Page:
and actors. It is like Avenue of Stars
in Hong Kong. However, I did not
find any familiar names there
whichwere mostly Korean
celebrities. I could not take any
good picture of the handprints
because people feet kept passing
by on that Christmas Eve.

We can go there by Subway Line 1
to Jagalchi Station and go out at
Exit 7, then walk straight and turn left for about 5 minutes. Or like we
did, take Buti Taejongdae Tour and stopped at BIFF Square.

BIFF Square at Night

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Jagalchi Market

Just near BIFF Square, there is what they claim as the world famous
fish market called Jagalchi withJagal means gravel. People said this
place is used to be surrounded by gravel. Located in the seaside road
on the edge of Nampo port, Jagalchi Market is opened from 5am to
10pm every day except the first and third Tuesday of the month.

Jagalchi Market gate

The building has 7 floors with mostly selling fresh live seafood on the
first floor, including eel, abalone, crab, squid and octopus. Visitors
can choose their own live fish and eat there, or buy dried fish to take
home. Have you seen Koreans eating live octopus with some sauces
in TV shows? Yeah, you can try it here, but not for me, thanks.

Honestly fish market is not my kind of thing. I love eating fish but I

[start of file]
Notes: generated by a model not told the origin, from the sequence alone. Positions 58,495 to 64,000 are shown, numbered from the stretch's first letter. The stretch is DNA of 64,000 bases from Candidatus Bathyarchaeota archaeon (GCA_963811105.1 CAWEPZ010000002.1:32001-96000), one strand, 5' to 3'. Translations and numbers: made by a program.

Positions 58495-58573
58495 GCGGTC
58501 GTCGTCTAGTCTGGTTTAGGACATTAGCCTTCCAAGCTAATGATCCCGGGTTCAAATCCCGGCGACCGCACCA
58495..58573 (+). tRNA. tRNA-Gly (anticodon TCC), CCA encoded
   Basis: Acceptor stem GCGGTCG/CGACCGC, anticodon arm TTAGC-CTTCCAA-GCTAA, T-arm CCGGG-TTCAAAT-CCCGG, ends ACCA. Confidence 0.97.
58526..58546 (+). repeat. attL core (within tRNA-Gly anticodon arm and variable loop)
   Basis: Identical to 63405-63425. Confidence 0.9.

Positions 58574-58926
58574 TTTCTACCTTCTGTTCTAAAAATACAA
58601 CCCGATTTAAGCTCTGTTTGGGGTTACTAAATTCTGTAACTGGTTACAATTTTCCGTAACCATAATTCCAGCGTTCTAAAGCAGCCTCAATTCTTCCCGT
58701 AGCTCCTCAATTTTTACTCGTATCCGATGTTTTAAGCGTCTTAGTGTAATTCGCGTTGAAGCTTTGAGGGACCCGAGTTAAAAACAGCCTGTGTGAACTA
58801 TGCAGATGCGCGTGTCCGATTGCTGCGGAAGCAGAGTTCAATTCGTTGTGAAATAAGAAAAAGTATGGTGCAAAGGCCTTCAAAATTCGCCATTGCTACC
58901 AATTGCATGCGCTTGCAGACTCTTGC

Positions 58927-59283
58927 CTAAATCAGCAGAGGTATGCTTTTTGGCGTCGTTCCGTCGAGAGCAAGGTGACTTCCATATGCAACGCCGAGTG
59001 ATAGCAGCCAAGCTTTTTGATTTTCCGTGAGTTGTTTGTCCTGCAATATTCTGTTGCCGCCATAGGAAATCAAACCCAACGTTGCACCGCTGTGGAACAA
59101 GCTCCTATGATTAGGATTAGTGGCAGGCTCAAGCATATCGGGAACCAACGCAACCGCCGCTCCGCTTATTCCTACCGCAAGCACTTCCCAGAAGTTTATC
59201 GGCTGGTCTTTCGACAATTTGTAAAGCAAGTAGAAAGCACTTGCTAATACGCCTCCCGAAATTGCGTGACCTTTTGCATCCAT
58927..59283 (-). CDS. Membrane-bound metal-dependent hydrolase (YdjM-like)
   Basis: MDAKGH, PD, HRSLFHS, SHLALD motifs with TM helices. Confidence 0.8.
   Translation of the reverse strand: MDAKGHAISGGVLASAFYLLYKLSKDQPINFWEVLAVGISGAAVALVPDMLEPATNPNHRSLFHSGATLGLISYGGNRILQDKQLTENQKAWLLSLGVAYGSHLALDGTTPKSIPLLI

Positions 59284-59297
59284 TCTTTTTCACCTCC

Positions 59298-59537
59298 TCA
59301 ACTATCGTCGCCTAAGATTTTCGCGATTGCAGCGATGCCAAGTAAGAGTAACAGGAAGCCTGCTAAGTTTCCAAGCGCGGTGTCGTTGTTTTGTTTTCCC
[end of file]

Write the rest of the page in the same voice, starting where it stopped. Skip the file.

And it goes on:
rarely buy raw fresh fish in the fish market even in my own country.
So I really did not know how to purchase fish, moreover in Korea
where I could not speak the language very well. We only walked
around the first floor of Jagalchi Market without buying anything. We
were also quite stuffed with foods we ate while in BIFF Square.

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Eels

We can go there by Subway Line 1 to Jagalchi Station and go out at
Exit 10. Or like we did, take Buti Taejongdae Tour and stopped at BIFF
Square / Jagalchi Market bus stop.

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Hello Guesthouse

Around 7pm we walked to Jagalchi Station to go back to our hostel
near Haeundae Station. That was the first time we took Humetro, the
name of Busan city subway, because our Buti session had ended. We
bought one way ticket of Humetro by cash 1500won. At that time,
only Hanaro and MyBi cards are accepted, not Seoul T-Money card
(that I had). Since I did not plan to travel in Busan for many times, I
did not buy Hanaro cards for the rest of my journey in Busan and just
bought the tickets by cash each time taking subway. Fare difference
between using card and cash was usually around 100won.Humetro
has 4 intercity lines and Busan-Gimhae light rail line (Gimhae is the
nearest international airport to Busan).

Humetro Lines

Hello, Guesthouse! Time to get rest…. Nope! Just when we entered